UK and Australia - Overseas

Goals

To find the overall picture of family fragmentation related to overseas career and personal choices between the UK and Australia. To find the percentage of people now permanently live on another continent from their relatives, how have these numbers changed over time, how often do these people visit their family 'back home', what are the most common problems associated with long distance relationships (family, friends, other loved ones), what effect does a lack of regular physical connection with loved ones have on our mental health, and what reasons make people have for moving away from their families.

Early Findings

The United Kingdom

  • In 2014, the percentage of people from the UK living abroad is 6.8%.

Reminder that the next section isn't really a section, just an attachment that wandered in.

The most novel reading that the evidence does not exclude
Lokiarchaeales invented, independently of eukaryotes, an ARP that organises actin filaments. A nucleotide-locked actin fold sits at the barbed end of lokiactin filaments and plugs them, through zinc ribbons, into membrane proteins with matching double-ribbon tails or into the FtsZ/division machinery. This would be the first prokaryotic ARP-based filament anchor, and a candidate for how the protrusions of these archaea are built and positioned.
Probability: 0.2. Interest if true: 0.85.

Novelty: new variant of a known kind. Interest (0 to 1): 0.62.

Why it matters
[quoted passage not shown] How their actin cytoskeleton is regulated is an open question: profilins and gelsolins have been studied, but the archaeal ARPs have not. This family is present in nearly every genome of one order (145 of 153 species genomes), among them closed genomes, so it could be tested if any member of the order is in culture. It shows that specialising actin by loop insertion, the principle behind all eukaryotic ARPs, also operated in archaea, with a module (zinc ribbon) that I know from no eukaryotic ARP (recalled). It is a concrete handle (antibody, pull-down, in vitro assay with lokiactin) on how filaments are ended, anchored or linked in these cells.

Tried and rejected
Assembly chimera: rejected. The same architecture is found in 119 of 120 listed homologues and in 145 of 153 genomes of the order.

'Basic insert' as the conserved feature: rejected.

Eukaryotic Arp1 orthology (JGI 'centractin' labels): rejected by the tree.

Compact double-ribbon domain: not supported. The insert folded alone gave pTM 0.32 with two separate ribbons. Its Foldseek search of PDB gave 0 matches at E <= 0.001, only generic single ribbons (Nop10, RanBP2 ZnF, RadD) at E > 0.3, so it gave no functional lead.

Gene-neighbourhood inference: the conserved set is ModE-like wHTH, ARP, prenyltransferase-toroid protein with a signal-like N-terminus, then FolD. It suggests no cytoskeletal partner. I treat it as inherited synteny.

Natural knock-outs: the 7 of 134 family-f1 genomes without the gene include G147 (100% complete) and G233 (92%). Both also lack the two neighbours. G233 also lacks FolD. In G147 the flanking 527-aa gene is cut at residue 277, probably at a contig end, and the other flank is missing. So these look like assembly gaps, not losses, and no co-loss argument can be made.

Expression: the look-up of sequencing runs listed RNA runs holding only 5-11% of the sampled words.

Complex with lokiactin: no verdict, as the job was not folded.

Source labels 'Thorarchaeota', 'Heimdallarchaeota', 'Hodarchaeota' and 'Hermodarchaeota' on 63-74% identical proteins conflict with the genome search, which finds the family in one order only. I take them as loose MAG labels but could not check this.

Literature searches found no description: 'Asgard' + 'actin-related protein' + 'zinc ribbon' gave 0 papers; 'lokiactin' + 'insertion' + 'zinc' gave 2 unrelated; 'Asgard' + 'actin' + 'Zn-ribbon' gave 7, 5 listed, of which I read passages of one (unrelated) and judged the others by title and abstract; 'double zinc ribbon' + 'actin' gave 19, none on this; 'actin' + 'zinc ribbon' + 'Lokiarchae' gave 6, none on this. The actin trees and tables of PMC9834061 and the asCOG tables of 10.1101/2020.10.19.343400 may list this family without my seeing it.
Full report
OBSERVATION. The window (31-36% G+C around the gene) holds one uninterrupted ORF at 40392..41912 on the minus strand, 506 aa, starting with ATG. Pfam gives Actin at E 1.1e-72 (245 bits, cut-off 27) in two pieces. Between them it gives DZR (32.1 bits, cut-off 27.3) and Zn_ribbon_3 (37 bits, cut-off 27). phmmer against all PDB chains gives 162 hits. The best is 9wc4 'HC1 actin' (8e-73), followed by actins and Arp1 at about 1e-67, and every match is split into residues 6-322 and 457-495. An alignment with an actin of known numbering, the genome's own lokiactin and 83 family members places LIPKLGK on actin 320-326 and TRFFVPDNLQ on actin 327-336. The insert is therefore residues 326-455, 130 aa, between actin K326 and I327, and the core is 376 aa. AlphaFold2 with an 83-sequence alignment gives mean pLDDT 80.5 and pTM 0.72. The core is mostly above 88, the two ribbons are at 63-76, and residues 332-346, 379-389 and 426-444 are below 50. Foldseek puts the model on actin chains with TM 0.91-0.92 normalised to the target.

• An estimated 5.5 million British people live permanently abroad, almost one in 10 of the UK population.
  • The emigration of British people has happened in cycles over 200 years.
  • "1.3 million people born in the UK live in other EU countries, according to 2017 estimates from the United Nations (UN). Around 900,000 UK citizens were long-term residents in other EU countries in 2010 and 2011, according to census data across the EU collated by the Office for National Statistics (ONS)."

Australia

  • By 2030, an estimated number of 1.35 million Australians will live overseas, with a third of those in Asia.
  • The number of long-term and permanent departures of Australian residents has increased considerably over the 20 years to 2005.
  • In 2005, there were 158,000 departures by Australian residents for an intended period of 12 months or more. This was more than twice the number of Australian residents who departed in 1985 (69,600).


Proposed next steps:

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